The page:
Monday, September 25

Sudden Death by David Rosenfelt

Review by Theodore Feit

 

In this, the fourth in the Andrew Carpenter series, the author deviates from his usual basic pattern in a plot which introduces an unexpected situation.  It seems Laurie Collins, Andy's investigator and love of his life, has been offered a police department captaincy in her native Findlay, Wisconsin, with the prospect of becoming chief of police in the near future.  She contemplates that chance for the entire book, keeping Andy on edge throughout, not reaching a decision until the conclusion of a sensational murder trial.

 

A star running back for the New York Giants is arrested for the shooting murder of his friend, a wide receiver for the Jets, whose body is found in the closet of his home.  He fends off arrest by firing a pistol at arriving police.  He calls for Andy to represent him, and we embark on the trials and tribulations of another high-profile murder contest, with the prosecution having a slam-dunk case and Andy and his team without the foggiest idea on how to defend.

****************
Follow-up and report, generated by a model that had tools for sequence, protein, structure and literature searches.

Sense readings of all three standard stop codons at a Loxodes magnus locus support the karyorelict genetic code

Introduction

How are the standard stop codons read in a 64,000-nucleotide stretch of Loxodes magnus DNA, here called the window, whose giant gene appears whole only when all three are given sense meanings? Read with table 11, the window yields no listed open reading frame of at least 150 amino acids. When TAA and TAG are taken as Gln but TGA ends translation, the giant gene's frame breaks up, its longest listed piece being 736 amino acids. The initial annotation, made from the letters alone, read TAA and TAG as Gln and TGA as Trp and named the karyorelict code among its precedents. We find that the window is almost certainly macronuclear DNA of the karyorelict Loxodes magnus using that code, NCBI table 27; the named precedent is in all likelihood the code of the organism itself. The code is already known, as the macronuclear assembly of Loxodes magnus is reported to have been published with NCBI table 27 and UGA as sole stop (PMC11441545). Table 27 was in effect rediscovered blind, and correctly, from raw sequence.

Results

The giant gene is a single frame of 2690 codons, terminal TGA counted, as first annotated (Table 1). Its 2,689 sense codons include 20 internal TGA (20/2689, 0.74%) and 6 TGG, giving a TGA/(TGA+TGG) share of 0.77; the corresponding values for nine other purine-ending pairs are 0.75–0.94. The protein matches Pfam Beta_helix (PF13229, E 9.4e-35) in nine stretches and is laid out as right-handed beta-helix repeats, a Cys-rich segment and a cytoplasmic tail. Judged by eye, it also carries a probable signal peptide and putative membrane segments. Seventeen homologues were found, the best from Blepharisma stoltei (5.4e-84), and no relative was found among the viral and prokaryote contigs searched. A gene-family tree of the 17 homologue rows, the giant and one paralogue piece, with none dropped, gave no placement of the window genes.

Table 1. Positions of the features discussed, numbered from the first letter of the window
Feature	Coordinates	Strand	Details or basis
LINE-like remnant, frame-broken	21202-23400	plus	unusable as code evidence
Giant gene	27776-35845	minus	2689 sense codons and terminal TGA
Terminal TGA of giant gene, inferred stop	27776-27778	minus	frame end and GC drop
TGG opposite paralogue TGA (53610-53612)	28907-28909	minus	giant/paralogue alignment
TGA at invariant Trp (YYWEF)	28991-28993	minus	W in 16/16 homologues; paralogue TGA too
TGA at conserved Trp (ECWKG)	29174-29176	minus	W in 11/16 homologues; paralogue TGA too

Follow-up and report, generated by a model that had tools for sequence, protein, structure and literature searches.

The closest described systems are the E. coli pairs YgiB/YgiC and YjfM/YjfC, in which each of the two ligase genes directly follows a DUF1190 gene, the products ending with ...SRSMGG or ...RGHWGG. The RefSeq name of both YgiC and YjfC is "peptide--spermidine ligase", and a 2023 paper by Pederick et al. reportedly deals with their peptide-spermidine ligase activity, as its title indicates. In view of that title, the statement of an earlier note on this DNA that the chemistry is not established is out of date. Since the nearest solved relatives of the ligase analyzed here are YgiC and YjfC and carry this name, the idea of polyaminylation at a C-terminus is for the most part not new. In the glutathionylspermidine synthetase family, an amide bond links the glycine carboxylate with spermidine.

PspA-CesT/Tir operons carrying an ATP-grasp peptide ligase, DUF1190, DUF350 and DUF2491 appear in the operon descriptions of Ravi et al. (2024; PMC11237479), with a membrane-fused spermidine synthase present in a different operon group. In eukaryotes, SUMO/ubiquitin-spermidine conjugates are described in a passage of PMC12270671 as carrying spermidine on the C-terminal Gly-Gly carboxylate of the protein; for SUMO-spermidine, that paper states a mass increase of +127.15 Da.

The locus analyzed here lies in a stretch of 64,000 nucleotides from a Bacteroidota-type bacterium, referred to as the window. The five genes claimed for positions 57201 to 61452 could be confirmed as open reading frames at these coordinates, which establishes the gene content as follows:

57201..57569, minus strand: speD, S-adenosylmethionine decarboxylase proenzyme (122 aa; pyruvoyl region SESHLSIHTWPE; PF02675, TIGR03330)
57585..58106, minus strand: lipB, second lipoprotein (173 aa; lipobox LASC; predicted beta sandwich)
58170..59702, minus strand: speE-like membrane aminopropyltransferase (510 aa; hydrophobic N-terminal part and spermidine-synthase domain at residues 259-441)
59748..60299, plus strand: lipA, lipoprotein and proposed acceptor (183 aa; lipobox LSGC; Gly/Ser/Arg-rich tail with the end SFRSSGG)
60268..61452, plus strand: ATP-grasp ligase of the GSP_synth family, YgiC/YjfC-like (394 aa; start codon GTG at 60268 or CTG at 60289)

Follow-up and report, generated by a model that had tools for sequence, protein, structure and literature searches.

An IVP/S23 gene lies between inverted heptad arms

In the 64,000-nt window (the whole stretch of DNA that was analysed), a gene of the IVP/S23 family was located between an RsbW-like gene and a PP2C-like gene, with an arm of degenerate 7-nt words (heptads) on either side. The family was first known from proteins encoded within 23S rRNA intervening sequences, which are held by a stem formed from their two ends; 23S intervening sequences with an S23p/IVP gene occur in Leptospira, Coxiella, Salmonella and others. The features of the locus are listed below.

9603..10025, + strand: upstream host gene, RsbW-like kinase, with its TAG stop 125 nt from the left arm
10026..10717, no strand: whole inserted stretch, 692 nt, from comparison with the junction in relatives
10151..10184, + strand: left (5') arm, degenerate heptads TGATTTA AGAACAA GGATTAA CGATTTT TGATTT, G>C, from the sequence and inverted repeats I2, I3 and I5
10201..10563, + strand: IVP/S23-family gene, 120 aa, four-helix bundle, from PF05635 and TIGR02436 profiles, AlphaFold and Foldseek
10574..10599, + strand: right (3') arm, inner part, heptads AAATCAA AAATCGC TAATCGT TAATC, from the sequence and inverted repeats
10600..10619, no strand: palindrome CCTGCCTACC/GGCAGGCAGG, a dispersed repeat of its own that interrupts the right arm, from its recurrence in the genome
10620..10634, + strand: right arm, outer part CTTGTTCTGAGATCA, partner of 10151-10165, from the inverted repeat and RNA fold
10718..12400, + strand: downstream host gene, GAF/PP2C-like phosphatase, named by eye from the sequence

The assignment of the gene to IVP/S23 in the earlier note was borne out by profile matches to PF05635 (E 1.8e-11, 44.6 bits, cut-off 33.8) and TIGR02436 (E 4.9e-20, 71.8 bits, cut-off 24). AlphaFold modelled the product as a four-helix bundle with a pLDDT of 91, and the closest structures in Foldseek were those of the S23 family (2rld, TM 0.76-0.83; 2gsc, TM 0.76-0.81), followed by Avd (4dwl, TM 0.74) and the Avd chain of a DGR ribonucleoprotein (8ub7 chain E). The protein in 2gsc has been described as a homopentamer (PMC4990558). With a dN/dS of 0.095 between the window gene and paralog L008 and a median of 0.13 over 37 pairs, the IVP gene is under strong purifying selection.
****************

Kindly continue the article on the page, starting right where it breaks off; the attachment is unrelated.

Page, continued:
The novel moves forward, without much of the wisecracks exhibited in the earlier books, but with the same intensity and inventiveness.  The conclusion of the trial, of course, is foregone, but the author gives us a twist that cannot and should not be anticipated.  The quality is up to the level which the first three books give rise to, and now, for this reader—onto the fifth.

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